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Money Market Instruments:
Commercial Paper Volume
Figure 11.6 Volume of Commercial Paper Outstanding

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Money Market Instruments:
Commercial Paper

A special type of commercial paper, known as


asset-backed commercial paper (ABCP)
played a key role in the financial crisis in
2008 backed by securitized mortgages
often difficult to understand
accounted for about $1 trillion

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Money Market Instruments:
Commercial Paper

When the poor quality of the underlying


assets was exposed, a run on ABCP began.
Because ABCP was held by many money
market mutual funds (MMMFs), these funds
also experienced a run. The government
eventually had to step in to prevent the
collapse of the MMMF market.

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Money Market Instruments:
Bankers Acceptances

An order to pay a specified amount to the


bearer on a given date if specified
conditions have been met, usually delivery
of promised goods.
These are often used when buyers / sellers
of expensive goods live in different
countries.

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Money Market Instruments:
Bankers Acceptances Advantages

1. Exporter paid immediately


2. Exporter shielded from foreign
exchange risk
3. Exporter does not have to assess the
financial security of the importer
4. Importers bank guarantees payment
5. Crucial to international trade

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Money Market Instruments:
Bankers Acceptances

As seen, bankers acceptances avoid the


need to establish the credit-worthiness of a
customer living abroad.
There is also an active secondary market for
bankers acceptances until they mature.
The terms of note indicate that the bearer,
whoever that is, will be paid upon maturity.

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Money Market Instruments:
Eurodollars

Eurodollars represent Dollar denominated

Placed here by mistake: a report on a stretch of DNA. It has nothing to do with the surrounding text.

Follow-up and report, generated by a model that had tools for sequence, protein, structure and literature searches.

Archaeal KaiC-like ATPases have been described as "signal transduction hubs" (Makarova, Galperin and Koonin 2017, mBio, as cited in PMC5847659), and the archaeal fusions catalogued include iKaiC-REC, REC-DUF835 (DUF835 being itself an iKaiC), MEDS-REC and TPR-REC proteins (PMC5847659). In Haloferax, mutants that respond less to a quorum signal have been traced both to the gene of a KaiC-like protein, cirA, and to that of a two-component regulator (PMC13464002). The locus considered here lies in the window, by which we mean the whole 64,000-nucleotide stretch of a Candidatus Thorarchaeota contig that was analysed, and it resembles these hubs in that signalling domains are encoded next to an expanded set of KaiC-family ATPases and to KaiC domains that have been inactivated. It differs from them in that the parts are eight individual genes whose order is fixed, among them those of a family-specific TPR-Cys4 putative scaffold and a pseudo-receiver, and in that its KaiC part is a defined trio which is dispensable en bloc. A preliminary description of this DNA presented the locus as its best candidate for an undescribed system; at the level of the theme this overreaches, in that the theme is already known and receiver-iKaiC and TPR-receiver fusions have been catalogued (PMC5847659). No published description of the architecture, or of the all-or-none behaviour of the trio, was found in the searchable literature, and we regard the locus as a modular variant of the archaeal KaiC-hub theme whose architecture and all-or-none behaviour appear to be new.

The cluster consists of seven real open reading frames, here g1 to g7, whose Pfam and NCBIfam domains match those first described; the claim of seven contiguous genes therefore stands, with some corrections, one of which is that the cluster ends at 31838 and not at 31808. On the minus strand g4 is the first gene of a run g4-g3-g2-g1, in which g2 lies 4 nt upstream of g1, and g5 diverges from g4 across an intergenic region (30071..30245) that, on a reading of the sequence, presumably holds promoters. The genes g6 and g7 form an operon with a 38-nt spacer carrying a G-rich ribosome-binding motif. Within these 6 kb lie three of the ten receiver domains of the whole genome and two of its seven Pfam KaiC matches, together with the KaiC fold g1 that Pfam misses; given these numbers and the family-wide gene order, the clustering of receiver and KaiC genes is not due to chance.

deposits held in foreign banks.
The market is essential since many
foreign contracts call for payment is U.S.
dollars due to the stability of the dollar,
relative to other currencies.

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Money Market Instruments:
Eurodollars

The Eurodollar market has continued to


grow rapidly because depositors receive a
higher rate of return on a dollar deposit in
the Eurodollar market than in the domestic
market.
Multinational banks are not subject to the
same regulations restricting U.S. banks and
because they are willing to accept narrower
spreads between the interest paid on
deposits and the interest earned on loans.

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Money Market Instruments:
Eurodollars Rates

London interbank bid rate (LIBID)


The rate paid by banks buying funds
London interbank offer rate (LIBOR)
The rate offered for sale of the funds
Time deposits with fixed maturities
Largest short term security in the world

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Global: Birth of the Eurodollar

The Eurodollar market is one of the most


important financial markets, but oddly
enough, it was fathered by the Soviet
Union.
In the 1950s, the USSR had accumulated
large dollar deposits, but all were in US
banks. They feared the US might seize
them, but still wanted dollars. So, the
USSR transferred the dollars to European
banks, creating the Eurodollar market.
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Comparing Money Market Securities :
A comparison of rates
Figure 11.7 Interest Rates on Money Market Securities,
19902013

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Comparing Money Market
Securities

Liquidity is also an important feature, which


is closely tied to the depth of the secondary
market for the various instruments.

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Comparing Money Market Securities: Money
Market Securities and Their Depth

Table 11.4 Money Market Securities and Their Markets

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Chapter Summary

The Money Markets Defined


Short-term instruments
Most have a low default probability
The Purpose of Money Markets
Used to warehouse funds
Returns are low because of low risk and
high liquidity

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Chapter Summary (cont.)

Who Participates in Money Markets?


U.S. Treasury
Commercial banks
Businesses
Individuals (through mutual funds)
Money Market Instruments
Include T-bills, fed funds, etc.

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Chapter Summary (cont.)

Comparing Money Market Securities


Issuers range from the US government to banks
to large corporations
Mature in as little as 1 day to as long as 1 year
The secondary market liquidity varies
substantially